Rob Rob - 11 months ago 39
C++ Question

What is the correct way to implement a C++ template in a Visual Studio 2015 solution?

I have an assignment in my computer science class where we need to create a templatized version of a C++ class. Our instructor has given us little to no instruction regarding the matter so I've been fumbling through the assignment.

I seem to have made the code from our book work, but I'm not sure the approach I used is appropriate.

Essentially, the example they provide in the book is a "bag" class which is a simple container used to store any manner of standard data types (int, char, string, etc.). The templatized version of this class is declared in a header file called bag5.h and the implementation is given in a .template file called bag5.template. The header then retrieves the code from the .template file using this line, which is near the very end of the header:

#include "bag5.template"

At first I wasn't sure how to implement a file of type .template in a C++ solution using Visual Studio 2015. I searched for an answer but unfortunately, searching for the terms "visual studio" and "template" provide nearly limitless results on how to create templates for visual studio projects, but very little I could find on properly implementing generic C++ templates in Visual Studio.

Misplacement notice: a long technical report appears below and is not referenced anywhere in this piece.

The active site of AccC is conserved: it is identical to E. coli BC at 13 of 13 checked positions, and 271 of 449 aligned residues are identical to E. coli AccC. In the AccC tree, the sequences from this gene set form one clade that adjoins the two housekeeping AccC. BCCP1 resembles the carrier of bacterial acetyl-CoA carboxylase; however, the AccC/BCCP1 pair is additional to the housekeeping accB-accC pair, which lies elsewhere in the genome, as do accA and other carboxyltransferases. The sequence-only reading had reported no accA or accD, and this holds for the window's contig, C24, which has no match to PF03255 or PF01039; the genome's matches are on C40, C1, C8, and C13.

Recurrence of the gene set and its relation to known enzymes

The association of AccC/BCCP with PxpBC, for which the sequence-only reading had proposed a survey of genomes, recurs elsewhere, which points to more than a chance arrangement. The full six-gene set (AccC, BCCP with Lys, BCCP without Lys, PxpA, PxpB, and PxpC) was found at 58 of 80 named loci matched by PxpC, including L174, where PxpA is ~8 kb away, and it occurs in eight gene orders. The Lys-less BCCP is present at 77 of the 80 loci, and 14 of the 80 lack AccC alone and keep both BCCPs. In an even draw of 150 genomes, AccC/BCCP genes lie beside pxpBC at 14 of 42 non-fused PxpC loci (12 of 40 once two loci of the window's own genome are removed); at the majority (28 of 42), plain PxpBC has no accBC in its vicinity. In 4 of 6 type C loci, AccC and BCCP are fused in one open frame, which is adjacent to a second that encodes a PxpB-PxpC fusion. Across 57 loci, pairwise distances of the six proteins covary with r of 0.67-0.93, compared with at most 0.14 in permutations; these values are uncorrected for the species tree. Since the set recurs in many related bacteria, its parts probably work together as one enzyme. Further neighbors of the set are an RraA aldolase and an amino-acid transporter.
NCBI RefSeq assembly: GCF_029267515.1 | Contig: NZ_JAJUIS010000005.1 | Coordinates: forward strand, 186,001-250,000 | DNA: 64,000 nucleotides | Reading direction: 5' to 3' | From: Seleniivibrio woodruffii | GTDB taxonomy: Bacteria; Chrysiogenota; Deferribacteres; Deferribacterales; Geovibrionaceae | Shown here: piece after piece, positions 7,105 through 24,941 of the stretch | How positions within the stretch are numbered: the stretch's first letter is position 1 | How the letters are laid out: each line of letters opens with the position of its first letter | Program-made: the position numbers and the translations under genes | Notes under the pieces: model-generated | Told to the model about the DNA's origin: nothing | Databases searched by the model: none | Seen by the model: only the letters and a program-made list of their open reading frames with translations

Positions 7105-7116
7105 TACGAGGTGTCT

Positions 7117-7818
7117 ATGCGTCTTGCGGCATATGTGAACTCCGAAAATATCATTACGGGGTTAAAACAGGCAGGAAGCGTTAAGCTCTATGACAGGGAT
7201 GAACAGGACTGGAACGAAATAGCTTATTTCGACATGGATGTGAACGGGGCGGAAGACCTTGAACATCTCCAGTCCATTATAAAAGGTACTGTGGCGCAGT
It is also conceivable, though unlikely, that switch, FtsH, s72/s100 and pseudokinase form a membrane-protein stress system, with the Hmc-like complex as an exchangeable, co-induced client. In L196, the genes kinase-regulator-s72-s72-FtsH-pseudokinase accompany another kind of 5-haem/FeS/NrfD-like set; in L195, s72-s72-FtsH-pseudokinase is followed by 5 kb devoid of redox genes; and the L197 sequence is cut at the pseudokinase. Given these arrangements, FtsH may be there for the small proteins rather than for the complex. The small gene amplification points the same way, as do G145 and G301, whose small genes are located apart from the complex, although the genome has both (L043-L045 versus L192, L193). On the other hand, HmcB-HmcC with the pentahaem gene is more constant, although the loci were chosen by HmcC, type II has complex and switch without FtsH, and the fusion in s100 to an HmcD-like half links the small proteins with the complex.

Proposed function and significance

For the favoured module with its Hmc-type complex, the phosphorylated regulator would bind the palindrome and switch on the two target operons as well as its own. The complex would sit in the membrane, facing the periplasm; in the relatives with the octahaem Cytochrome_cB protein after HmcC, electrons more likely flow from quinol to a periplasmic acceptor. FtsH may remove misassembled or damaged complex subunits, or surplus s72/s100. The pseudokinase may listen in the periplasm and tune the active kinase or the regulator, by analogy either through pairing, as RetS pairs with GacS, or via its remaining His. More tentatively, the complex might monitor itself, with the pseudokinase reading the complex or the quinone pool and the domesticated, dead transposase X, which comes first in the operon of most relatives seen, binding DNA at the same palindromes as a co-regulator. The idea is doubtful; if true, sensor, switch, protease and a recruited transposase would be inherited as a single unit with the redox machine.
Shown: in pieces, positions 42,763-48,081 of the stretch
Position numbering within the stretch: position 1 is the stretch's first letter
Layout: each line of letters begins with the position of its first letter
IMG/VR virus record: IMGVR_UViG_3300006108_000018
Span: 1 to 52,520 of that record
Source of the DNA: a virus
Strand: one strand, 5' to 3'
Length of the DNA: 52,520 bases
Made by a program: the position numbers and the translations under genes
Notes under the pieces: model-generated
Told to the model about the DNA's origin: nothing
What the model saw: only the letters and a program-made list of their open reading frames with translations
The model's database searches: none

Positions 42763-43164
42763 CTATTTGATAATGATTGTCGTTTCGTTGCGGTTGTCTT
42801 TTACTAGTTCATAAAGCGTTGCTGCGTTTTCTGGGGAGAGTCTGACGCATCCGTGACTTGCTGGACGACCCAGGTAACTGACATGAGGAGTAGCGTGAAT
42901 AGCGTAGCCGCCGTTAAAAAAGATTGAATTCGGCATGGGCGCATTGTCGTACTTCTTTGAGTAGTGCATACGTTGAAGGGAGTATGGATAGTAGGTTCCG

Through trial and error, I finally got the source code to work by adding the .template files to the solution as a file of type "text" rather than as a C++ source file. My question is simple: Is this the correct way to implement the definition for a declared template using Visual Studio 2015?

Also, is there any way to get Visual Studio 2015 to recognize my .template files as C++ code and format them accordingly? When I add the .template implementation files as type "text" within the solution, the IDE does not color code the text inside the files, it leaves it completely black on white text.

Answer Source

The usual way to do this is to put the code for the template directly in the header.

If you really want to keep the code separate from the declarations, you can choose two different extensions that VC++ recognizes as headers, and have the one include the other. For example, have bag5.h, which includes bag5.hh.

As long as both extensions are recognized by VC++ as headers, life is pretty good--you don't have to do much to tell it how to work with them, and it'll automatically apply color coding to both.